"Whether DOJ pursues this or not is their call, but if nothing else, the UCS report shows these are legitimate questions to ask."
Some of the trickier aspects of prosecuting fossil fuel companies for racketeering would be beating a free-speech defense, and demonstrating specific acts of fraud and collusion.
The climate-denial beast (to use Whitehouse's phrase) is a more complex animal than the institute that the tobacco industry set up as its primary front group; it's made up of companies, wealthy individuals like Charles and David Koch, multi-issue think tanks, and academics.
Degrees of separation might insulate companies from direct liability for spreading misinformation. Still, there is evidence that fossil-fuel interests coordinated their public-relations campaigns.
For instance, in 1998, during negotiations of Kyoto Protocol, Exxon, and other members of industry and conservative groups met in the office of the American Petroleum Institute and came up with a "global climate science communications plan," designed to make "average citizens 'understand' (recognize) uncertainties in climate science" such that "recognition of uncertainties becomes part of the 'conventional wisdom.'"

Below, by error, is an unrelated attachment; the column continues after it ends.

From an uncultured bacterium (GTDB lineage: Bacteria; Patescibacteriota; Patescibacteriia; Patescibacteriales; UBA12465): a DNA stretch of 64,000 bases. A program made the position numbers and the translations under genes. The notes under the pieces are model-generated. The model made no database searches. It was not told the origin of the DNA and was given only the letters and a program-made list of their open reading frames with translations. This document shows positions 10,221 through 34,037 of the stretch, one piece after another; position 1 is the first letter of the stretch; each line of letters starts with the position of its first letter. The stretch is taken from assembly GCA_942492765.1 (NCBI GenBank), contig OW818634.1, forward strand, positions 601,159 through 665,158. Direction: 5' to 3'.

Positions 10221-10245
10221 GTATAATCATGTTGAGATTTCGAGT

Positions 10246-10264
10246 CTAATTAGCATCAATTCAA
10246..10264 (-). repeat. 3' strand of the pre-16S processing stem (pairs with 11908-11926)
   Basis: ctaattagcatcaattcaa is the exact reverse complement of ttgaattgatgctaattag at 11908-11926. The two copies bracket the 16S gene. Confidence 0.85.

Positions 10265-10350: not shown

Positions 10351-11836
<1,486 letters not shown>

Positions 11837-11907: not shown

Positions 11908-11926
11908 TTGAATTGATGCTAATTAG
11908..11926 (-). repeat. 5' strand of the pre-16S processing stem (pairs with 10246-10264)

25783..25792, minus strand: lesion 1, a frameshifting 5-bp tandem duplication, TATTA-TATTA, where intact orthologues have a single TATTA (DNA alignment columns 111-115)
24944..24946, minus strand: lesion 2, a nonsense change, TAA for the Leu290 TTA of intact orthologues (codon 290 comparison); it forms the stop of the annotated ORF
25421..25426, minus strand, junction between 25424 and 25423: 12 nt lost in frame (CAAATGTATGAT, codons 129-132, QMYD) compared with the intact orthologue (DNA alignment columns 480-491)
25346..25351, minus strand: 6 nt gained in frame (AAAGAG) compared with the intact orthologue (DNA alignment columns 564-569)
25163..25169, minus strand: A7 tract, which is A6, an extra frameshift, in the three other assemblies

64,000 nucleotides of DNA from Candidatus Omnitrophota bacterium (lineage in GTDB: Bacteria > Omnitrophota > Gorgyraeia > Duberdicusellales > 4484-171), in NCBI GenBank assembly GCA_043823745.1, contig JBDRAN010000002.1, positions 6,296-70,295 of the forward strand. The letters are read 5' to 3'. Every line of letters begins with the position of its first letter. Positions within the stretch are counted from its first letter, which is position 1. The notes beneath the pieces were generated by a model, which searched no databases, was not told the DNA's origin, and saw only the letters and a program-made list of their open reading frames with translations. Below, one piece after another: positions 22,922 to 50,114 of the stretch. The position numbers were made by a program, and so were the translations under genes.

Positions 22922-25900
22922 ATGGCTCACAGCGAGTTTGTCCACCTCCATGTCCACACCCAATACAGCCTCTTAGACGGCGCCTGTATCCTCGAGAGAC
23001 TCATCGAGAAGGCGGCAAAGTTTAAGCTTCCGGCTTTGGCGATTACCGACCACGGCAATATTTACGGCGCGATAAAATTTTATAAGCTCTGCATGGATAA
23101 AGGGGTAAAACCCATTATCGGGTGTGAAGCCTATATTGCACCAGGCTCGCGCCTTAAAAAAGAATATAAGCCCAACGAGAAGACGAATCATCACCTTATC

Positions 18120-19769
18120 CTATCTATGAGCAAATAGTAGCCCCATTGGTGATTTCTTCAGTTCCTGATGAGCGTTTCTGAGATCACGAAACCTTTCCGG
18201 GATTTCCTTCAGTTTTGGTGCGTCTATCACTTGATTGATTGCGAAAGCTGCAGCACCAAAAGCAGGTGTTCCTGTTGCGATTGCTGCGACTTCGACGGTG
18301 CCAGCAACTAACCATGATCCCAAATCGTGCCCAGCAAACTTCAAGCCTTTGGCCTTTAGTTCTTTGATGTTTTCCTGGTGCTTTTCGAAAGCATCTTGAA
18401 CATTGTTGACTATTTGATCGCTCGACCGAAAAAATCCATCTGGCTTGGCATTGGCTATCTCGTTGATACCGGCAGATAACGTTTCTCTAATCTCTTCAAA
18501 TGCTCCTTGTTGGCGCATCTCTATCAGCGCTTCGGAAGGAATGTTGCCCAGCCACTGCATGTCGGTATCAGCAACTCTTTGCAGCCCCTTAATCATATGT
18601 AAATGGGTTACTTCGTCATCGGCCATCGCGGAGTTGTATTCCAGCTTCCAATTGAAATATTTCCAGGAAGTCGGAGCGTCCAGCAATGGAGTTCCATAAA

A civil suit under RICO could be brought by states or individuals as well as by the DOJ. And it could have an impact even if it weren't ultimately successful, particularly if the case made it to the discovery phase, in which defendants could be forced to hand over other internal communications detailing what they knew about climate change when, and how they worked together. In the tobacco case, those types of documents helped shift public opinion and built support for regulatory action.
"There are a lot of similarities with what we're seeing the fossil-fuel industry has done and what the tobacco industry did," said Sharon Eubanks, a former Justice Department lawyer who led the RICO case against the tobacco companies. "When you're looking at a large industry, it takes a series of cases over time to have a solid claim that's going to survive all the motions to dismiss."
At the end of his speech, Senator Whitehouse reminded his colleagues of their "legislative responsibility to address climate change." But it's clear that too many lawmakers have abdicated, thus the pressure to tackle the climate issue through existing regulations like the Clean Air Act, and through the courts.
"I've been hearing for twelve years or more that legislation is right around the corner that's going to solve the global-warming problem, and that litigation is too long, difficult, and arduous a path," said Matthew Pawa, a climate attorney. "Legislation is going nowhere, so litigation could potentially play an important role."
A racketeering suit isn't the only possible avenue -- most climate cases so far have relied on common-law claims of public nuisance -- but given the tobacco precedent and a deepening understanding of the energy industry's awareness of climate science, Whitehouse's little-noticed speech might one day appear entirely prescient.
Zoë Carpenter is The Nation's assistant Washington editor.